Find Percentiles Using ntile

Brett Cassette
InstructorBrett Cassette

Share this video with your friends

Send Tweet
Published 6 years ago
Updated 4 years ago

What scores do the 90th percentile of students receive? How long does the 99th percentile web request take? Percentiles and arbitrary ntiles provider a richer understanding of underlying data and outliers.

[00:00] What if we want to find percentiles for our data? We can use the NTILE function, which accepts a number. A percentile is an NTILE consisting of 100 different buckets.

[00:15] Here, we'll partition by the school in order by the students' final grade from the students. What this will do is it will create 100 identically-sized buckets, or we'll try to be as close to identically-sized as possible.

[00:37] Here, we have the second percentile, the third percentile. Each of these consists of four students from GP. Since we're ordered by the final grade, we have to keep going for a little while considering all of these students got zeros, until we finally see that in the 9th percentile.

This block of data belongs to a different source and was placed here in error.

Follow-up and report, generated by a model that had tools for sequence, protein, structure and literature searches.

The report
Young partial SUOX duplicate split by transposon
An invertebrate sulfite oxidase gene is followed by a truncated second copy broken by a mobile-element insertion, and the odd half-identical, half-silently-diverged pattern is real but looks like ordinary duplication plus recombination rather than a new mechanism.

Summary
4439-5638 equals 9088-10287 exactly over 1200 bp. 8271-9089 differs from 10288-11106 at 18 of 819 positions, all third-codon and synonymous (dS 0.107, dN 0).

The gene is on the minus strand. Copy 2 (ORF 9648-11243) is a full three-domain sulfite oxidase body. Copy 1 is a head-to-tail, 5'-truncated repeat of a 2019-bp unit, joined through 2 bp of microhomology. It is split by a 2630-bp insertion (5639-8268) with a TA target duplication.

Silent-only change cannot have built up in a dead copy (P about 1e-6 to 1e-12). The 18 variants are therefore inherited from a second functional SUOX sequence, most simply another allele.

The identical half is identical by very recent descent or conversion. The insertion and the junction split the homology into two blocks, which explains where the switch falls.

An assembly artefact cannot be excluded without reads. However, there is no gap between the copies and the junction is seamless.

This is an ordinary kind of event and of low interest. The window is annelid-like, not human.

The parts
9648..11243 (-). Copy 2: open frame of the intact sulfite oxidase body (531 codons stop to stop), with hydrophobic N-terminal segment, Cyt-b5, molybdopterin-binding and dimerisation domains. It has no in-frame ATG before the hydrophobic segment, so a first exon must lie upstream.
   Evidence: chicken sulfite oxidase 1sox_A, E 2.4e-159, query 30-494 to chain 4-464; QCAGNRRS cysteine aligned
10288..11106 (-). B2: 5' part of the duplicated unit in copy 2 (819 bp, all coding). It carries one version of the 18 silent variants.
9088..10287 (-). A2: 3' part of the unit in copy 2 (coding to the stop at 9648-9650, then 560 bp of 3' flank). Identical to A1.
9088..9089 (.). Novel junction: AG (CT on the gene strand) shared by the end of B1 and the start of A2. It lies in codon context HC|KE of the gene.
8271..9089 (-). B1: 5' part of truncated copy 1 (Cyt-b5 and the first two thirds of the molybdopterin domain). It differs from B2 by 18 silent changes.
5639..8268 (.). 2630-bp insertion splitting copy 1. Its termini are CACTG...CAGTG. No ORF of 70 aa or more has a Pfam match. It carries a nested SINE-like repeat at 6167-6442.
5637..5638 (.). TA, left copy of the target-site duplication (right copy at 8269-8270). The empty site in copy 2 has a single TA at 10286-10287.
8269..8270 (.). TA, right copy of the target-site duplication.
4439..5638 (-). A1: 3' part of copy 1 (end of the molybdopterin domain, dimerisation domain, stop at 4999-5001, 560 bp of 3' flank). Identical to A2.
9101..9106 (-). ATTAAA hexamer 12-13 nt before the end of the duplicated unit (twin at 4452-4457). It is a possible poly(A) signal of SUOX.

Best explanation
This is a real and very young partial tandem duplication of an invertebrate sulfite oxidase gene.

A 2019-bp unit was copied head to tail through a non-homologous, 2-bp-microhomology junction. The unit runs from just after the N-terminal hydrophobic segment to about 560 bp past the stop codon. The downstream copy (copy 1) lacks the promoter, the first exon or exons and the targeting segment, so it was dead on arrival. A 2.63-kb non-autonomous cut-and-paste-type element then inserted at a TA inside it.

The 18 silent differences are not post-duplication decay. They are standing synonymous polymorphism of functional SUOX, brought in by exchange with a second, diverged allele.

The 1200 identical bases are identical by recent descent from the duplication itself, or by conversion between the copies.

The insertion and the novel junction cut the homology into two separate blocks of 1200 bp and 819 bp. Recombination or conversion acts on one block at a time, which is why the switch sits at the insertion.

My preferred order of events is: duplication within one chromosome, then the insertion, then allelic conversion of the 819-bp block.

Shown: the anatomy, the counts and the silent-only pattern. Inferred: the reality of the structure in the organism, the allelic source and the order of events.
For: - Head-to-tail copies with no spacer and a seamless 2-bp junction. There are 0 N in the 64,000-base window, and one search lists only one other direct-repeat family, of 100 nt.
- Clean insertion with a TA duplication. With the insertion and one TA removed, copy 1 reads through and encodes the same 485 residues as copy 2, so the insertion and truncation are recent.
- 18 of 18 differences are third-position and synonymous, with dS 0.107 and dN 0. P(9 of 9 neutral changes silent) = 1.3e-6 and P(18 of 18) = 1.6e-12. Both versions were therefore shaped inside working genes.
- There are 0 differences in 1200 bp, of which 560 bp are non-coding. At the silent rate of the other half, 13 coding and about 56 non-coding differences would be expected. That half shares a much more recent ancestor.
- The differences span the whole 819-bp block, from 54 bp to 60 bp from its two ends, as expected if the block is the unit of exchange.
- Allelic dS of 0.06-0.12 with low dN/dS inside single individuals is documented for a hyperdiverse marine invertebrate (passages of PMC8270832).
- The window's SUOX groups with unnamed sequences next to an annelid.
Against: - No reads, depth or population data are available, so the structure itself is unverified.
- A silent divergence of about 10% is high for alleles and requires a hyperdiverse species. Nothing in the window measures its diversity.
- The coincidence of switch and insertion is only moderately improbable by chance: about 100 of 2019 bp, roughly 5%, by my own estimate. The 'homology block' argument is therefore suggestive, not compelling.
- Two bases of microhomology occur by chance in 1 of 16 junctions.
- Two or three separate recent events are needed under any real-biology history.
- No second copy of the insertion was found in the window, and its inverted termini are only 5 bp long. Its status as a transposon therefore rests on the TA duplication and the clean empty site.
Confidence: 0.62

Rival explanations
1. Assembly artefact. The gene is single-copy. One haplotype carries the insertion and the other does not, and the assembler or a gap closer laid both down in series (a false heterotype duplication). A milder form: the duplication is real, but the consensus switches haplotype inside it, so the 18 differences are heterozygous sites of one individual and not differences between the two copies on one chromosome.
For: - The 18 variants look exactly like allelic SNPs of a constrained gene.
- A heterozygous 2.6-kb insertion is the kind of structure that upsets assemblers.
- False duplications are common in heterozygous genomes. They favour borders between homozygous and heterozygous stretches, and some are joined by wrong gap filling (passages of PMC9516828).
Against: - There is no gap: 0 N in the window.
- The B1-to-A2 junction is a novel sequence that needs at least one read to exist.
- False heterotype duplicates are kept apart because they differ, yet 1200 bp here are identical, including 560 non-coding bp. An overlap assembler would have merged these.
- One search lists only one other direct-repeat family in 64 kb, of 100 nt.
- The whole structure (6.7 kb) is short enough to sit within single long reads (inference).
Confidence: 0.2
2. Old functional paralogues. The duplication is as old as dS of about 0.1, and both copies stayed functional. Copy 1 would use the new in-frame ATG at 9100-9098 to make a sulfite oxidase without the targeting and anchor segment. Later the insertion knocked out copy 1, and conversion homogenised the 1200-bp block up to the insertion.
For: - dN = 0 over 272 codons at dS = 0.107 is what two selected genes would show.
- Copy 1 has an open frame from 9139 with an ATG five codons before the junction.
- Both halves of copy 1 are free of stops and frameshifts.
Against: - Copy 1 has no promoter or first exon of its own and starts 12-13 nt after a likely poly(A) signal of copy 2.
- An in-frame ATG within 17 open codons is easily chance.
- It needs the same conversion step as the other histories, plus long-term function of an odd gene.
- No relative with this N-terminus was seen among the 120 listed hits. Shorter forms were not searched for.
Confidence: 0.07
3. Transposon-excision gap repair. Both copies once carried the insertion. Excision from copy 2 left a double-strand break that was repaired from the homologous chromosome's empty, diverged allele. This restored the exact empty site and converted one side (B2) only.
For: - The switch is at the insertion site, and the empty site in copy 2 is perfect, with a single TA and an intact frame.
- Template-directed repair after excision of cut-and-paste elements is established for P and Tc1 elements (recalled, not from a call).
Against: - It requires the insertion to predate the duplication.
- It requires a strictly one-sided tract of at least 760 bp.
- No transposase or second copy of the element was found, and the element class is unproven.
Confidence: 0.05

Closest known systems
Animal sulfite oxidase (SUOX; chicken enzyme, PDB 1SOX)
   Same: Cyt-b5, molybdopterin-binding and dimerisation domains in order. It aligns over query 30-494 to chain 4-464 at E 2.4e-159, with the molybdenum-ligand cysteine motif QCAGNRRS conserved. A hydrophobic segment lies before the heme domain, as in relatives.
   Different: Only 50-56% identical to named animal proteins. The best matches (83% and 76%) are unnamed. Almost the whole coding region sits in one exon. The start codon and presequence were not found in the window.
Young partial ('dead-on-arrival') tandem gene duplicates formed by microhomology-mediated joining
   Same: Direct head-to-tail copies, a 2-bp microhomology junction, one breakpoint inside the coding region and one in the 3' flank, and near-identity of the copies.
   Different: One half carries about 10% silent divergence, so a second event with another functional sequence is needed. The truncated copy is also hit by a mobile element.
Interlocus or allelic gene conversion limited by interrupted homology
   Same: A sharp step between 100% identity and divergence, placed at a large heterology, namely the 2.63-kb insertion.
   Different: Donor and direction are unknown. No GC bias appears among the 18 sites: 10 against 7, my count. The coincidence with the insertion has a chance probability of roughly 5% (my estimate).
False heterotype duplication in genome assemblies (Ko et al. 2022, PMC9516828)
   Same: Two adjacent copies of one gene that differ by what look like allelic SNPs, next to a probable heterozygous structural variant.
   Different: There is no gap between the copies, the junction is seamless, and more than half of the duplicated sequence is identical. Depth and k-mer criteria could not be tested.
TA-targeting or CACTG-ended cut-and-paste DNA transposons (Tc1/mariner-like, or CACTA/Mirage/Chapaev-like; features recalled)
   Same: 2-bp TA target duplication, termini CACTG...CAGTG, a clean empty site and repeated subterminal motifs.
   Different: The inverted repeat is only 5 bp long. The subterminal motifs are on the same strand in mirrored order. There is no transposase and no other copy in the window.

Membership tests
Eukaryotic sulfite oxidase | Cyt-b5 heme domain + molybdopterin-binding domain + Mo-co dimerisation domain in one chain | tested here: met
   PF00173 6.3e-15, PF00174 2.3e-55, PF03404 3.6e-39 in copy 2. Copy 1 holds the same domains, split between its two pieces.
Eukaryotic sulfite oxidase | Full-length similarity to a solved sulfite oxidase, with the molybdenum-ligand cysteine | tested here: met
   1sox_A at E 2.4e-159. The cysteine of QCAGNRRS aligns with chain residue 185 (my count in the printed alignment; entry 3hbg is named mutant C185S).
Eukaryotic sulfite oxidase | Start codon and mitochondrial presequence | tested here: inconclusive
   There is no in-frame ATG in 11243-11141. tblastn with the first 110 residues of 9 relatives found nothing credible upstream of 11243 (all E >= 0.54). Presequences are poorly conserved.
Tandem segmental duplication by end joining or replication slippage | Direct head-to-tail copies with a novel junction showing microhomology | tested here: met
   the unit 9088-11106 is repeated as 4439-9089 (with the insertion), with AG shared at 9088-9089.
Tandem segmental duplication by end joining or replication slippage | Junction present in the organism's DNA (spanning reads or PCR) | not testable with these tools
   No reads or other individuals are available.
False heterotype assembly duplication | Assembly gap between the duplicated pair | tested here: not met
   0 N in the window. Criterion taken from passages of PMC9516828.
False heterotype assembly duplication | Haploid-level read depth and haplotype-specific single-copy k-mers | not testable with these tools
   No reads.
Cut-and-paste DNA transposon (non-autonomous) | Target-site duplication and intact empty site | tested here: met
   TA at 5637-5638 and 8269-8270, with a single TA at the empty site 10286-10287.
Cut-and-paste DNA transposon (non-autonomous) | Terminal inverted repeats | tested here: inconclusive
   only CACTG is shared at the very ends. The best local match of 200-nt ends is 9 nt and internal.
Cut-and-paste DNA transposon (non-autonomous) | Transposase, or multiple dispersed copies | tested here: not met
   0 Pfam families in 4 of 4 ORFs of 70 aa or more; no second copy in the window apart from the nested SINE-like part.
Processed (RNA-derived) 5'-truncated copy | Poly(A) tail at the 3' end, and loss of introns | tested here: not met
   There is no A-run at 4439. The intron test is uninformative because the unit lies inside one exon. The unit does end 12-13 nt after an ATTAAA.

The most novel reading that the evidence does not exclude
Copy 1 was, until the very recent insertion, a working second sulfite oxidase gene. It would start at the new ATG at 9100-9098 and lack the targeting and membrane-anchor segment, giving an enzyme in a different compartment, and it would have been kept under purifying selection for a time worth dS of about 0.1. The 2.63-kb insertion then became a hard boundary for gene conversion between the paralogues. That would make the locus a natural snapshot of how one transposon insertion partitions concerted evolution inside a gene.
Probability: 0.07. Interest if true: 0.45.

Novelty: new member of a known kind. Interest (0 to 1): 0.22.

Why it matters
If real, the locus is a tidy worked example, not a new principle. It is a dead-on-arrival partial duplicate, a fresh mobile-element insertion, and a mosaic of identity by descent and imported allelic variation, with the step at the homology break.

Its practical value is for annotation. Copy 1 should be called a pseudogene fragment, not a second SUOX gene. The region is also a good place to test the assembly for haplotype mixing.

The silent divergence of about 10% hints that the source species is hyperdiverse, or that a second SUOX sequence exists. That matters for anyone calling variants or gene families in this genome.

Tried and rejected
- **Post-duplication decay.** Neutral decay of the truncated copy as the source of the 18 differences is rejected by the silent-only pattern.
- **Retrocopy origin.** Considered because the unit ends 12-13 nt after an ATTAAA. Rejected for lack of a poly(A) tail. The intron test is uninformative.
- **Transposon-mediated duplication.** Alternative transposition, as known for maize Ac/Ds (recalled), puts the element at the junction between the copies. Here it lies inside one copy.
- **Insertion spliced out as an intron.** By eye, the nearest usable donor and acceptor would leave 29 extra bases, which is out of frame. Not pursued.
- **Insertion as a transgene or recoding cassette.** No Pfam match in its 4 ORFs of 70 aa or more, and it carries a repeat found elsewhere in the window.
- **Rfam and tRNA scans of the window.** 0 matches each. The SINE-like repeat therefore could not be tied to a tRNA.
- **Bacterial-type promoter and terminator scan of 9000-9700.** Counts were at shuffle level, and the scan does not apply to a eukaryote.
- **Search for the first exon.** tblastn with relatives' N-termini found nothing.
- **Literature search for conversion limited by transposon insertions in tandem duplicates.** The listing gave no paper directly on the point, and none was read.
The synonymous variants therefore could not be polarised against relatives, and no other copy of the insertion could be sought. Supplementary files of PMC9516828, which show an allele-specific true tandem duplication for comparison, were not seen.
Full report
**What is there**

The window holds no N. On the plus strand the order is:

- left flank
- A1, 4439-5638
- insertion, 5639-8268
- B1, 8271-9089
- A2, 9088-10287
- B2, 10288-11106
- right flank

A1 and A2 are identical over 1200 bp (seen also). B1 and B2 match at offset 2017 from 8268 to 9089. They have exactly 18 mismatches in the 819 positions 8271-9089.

[00:55] We have some students with fours and fives. We keep going up. For GP, this works rather well, because we ultimately end up getting down to students at the tail end who have similarly-sized buckets.

[01:12] However, for MS, we don't quite have enough data. We only have enough data for 46 different buckets, which doesn't work very well as a percentile. In this case, we can see NTILE work again, and try to create 10 evenly-sized buckets.

[01:29] Here, each bucket will be much bigger for GP. As we get down to MS, we can see them being sorted relatively similarly to the way that they were being sorted when we use percentiles for the other school.